This 2008 vintage is drinking just right for me now. A lovely reductive signature of jackfruit and oyster shell, ripe golden fruits from candied grapefruit to fresh berries, richness of ginger snap and sweetness of almond essence and acacia honey. That sweet dried mushroom maturity is creeping in, maybe threatening to get ahead of itself.

Very cleanly-styled on the palate with candied fruit to the fore and a nice sweet, zesty punch. I’m feeling the dosage a touch high on the radar for me. It’s not the most focused 08 at this stage, but it is essentially very delicious. Knowing some more recent bases I’m expecting even more from 2012 onwards. 16.5

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/ Champagne, Classic Blend, Henriot

Simpsons Wine Estate Chalklands Classic Cuvée 2017

Simpsons didn’t use as much inert pressing for the 2017 vintage of the Chalklands Classic Cuvée as was used in 2016, and Charles explains that the resulting wine has a more oxidative style.* The 2017, composed of 60% Pinot Noir and 40% Chardonnay fermented in steel and aged on lees for 20 months, pours a notably golden hue, with an inviting vein of almond and set honey running through farm-shop apple juice (the posh stuff). It wears a light and bright texture beneath this open stance, with some delicacy and a fine, appetising almond-skin substance on the close, unimpeded by difficult acidity or dosage – a sign of good fruit in England.

The oxidative surface here speaks of more than just pressing, to me – this is a wine that has been deliberately given a shot of maturity beyond its years. It could really land with anyone wanting a change from the frank, LED-bright styles we sometimes get at entry level. 16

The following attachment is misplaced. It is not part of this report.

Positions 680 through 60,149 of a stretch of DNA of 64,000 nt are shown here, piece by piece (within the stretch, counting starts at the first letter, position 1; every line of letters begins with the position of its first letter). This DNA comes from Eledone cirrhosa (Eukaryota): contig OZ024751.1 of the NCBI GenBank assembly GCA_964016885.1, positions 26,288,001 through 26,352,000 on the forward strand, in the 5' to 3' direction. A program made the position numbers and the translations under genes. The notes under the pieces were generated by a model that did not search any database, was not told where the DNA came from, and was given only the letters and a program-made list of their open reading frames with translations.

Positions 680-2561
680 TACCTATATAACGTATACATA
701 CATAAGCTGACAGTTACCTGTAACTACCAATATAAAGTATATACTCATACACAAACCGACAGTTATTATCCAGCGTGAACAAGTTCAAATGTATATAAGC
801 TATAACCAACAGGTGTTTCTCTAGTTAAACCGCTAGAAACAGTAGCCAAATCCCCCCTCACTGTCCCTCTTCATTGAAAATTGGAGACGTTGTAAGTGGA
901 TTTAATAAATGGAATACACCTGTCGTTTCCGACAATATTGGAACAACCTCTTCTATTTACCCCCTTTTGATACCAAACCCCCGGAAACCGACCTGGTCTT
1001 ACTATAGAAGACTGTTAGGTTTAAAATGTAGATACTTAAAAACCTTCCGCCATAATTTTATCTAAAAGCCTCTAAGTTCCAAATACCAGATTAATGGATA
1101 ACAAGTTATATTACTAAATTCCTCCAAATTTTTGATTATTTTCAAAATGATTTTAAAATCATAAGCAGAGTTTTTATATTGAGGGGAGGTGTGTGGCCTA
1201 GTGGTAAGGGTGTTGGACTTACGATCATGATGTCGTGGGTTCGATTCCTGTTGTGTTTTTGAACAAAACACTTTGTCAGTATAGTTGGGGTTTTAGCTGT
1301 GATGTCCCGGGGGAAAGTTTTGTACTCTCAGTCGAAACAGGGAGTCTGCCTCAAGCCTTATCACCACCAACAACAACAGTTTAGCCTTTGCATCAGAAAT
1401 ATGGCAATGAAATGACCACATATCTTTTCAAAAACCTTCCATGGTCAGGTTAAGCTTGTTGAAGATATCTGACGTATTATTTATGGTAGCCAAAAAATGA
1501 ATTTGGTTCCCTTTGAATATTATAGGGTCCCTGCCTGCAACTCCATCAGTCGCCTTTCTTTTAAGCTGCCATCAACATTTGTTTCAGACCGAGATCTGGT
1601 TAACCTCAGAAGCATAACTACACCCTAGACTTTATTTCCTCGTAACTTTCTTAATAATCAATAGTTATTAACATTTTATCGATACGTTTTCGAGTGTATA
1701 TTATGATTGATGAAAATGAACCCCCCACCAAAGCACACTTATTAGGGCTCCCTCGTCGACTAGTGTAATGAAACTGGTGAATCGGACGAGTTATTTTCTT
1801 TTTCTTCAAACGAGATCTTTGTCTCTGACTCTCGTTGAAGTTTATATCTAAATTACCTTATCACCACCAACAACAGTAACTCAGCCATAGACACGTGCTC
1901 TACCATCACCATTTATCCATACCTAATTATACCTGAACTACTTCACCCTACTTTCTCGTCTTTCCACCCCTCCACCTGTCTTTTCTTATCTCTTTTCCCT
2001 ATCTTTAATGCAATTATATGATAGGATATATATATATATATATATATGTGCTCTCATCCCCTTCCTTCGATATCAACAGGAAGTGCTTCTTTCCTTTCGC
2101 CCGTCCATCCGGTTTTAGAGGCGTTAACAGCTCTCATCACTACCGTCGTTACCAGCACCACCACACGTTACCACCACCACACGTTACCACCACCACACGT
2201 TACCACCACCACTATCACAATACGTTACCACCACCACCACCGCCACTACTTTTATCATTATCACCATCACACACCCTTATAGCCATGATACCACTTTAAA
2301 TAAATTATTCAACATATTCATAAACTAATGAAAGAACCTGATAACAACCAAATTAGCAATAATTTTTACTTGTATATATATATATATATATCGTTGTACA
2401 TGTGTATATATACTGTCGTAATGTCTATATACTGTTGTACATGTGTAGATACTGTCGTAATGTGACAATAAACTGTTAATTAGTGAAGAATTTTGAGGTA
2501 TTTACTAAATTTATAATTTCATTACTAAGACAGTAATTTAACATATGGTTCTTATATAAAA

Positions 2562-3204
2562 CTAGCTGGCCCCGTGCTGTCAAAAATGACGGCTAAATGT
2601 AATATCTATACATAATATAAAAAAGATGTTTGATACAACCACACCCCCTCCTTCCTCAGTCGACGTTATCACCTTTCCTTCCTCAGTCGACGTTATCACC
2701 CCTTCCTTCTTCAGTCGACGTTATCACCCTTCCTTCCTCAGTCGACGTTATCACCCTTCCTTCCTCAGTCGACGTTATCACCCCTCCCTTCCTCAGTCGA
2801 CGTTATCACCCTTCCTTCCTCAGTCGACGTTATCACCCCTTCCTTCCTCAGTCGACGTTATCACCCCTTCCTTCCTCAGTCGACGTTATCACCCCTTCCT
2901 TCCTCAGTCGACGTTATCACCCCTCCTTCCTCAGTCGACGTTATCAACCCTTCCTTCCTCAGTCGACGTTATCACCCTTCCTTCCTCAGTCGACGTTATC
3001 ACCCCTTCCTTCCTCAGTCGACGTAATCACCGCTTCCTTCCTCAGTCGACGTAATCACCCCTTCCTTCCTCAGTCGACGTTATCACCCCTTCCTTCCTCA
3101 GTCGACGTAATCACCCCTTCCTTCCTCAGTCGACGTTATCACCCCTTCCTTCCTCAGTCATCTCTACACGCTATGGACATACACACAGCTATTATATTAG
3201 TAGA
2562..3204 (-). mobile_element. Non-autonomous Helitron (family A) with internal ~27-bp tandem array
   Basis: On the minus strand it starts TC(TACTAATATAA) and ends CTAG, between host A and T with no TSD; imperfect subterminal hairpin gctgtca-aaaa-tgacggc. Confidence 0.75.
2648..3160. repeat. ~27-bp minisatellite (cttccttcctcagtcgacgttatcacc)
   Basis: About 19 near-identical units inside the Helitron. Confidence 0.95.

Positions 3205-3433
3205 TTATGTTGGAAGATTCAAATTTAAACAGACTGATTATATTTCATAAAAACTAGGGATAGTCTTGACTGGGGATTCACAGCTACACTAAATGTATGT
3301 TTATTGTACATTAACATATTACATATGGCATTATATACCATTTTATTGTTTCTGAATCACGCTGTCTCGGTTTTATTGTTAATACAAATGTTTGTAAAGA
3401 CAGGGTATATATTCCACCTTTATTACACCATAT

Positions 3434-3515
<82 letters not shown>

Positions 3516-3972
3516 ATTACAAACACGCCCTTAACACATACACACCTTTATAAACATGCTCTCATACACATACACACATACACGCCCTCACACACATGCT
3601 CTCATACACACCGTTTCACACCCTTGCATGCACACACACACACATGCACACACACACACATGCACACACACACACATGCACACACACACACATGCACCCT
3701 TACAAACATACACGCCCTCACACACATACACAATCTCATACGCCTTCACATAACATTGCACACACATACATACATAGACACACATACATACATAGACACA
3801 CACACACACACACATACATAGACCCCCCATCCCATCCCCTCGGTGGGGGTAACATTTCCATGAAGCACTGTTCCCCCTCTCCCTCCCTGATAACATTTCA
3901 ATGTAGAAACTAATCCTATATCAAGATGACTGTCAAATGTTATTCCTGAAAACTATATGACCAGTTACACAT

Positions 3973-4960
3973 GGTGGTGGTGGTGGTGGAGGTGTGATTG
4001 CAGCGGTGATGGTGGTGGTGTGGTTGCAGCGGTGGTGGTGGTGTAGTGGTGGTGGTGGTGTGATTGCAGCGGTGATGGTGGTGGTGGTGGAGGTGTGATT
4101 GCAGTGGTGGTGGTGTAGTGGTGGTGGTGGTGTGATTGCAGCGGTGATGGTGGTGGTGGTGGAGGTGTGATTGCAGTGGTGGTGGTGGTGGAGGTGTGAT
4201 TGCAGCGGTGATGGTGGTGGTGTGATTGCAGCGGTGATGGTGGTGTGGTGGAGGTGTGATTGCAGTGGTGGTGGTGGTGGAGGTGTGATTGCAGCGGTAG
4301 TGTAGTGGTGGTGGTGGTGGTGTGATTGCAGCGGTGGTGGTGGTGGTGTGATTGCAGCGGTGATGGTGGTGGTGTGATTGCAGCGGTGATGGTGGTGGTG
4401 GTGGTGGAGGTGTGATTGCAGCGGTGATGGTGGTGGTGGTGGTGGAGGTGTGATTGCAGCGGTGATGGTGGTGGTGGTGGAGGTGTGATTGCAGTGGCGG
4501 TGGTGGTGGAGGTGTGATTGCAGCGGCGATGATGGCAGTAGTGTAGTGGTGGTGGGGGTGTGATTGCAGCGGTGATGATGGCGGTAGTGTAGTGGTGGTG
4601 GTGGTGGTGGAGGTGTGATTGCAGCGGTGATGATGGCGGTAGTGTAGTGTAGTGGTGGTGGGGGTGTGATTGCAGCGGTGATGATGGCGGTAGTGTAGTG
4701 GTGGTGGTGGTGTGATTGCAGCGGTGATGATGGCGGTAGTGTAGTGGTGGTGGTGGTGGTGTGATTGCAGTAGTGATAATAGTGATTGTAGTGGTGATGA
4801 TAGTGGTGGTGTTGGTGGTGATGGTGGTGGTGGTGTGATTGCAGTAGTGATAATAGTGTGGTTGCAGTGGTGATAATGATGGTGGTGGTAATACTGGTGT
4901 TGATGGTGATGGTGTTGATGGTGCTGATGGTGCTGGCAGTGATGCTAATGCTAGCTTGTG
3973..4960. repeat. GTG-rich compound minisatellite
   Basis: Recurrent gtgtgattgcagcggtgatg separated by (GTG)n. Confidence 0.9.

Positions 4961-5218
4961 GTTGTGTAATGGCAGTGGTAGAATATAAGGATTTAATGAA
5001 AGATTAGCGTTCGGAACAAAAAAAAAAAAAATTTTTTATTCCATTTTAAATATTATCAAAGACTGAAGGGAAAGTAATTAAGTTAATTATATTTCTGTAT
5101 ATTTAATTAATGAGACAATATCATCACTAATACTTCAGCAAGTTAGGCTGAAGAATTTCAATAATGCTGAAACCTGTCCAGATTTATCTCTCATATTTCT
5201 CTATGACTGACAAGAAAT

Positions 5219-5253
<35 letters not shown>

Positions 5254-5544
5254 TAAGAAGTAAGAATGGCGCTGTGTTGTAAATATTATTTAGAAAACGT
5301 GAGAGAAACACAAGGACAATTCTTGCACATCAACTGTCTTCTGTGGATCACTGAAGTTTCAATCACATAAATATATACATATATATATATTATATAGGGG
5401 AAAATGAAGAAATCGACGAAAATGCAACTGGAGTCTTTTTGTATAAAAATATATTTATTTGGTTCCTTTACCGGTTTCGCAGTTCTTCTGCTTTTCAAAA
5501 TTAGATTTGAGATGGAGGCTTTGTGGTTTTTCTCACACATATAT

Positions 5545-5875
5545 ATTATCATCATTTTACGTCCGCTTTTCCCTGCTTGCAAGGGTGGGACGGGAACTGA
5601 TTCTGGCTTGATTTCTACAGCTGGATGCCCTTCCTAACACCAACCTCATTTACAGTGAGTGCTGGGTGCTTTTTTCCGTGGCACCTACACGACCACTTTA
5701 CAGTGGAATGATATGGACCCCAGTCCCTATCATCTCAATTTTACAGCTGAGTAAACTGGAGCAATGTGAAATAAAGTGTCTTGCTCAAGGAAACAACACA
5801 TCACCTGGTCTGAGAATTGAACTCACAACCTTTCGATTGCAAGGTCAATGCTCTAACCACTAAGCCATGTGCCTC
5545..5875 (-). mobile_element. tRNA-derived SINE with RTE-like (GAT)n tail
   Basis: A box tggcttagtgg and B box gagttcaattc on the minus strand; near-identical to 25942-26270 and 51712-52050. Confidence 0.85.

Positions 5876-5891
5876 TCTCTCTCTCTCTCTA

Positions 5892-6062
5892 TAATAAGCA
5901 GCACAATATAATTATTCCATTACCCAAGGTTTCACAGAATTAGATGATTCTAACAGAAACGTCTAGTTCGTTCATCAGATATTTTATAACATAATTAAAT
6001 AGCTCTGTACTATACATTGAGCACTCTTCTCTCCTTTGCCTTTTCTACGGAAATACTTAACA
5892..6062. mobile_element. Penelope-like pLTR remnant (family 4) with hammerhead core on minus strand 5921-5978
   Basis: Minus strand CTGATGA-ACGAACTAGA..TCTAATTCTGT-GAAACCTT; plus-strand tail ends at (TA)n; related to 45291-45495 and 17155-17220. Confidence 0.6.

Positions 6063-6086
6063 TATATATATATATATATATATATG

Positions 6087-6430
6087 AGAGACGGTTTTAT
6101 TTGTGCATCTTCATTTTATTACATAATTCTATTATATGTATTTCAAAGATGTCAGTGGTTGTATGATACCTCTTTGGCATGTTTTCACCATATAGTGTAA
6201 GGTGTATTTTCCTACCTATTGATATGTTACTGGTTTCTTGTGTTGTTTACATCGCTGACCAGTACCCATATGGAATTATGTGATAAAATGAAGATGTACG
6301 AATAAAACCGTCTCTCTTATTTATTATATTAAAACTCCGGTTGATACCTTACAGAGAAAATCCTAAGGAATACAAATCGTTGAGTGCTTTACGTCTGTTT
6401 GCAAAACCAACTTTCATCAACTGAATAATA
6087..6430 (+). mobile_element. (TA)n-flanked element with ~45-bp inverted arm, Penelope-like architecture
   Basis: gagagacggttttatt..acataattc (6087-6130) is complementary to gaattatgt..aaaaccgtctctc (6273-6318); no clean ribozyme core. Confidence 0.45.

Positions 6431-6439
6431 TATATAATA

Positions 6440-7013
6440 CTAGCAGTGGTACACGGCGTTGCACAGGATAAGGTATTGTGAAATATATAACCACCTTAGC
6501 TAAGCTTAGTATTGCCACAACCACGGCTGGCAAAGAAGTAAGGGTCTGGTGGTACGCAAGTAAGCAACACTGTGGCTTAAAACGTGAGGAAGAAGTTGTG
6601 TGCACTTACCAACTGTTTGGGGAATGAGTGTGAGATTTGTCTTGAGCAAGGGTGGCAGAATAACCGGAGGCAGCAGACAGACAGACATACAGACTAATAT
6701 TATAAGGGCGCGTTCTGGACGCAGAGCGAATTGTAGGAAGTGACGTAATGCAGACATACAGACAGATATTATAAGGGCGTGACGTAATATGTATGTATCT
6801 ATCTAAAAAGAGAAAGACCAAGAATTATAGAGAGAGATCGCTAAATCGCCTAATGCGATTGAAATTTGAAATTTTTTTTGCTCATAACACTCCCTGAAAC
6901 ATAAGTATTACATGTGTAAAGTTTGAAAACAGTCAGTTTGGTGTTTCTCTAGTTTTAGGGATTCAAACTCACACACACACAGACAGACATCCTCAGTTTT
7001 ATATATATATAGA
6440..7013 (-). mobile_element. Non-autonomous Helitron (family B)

Fox & Fox Chairman’s Vat (C.V.) 2014

A new limited edition of 1018 bottles, blended by Gerard Fox. 60% Pinot Noir and 20 each of Chardonnay and the F&F secret weapon, Pinot Gris.

This has some attitude! Lots of sweet apples, red and russet, roasted and fresh, pepped up with ripe lemon juice and jasmine. With time, delicate white peach sweetness wakes up alongside the almond croissant and toasted pecan deliciousness that comes with time in bottle.

Electric acidic brightness on the palate – a real live wire – held in check by crystal clear fruit sweetness and delicate creamy weight. A fine chalky, rocky grip pulls the palate tight. You’re left with tingling fresh lemon juice, the lick of sweet pastry and the lift of white florals, sparring with each other and daring you back in.

Thoroughly enlivening, a wild child sent to finishing school and deciding they quite like it. 16.5

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Read Six Atmospheres English Sparkling Wine 2020

/ Classic Blend, England, Fox & Fox

Harrow And Hope Brut Reserve no. 4

40% Chardonnay, 40% Pinot Noir, 40% Pinot Meunier. 2015 Base, with 30% reserve wines stored in 225l barriques. Disgorged June 2019 with 8 g/l dosage, comprising older oak-aged wines. Current releases are later disgorgements.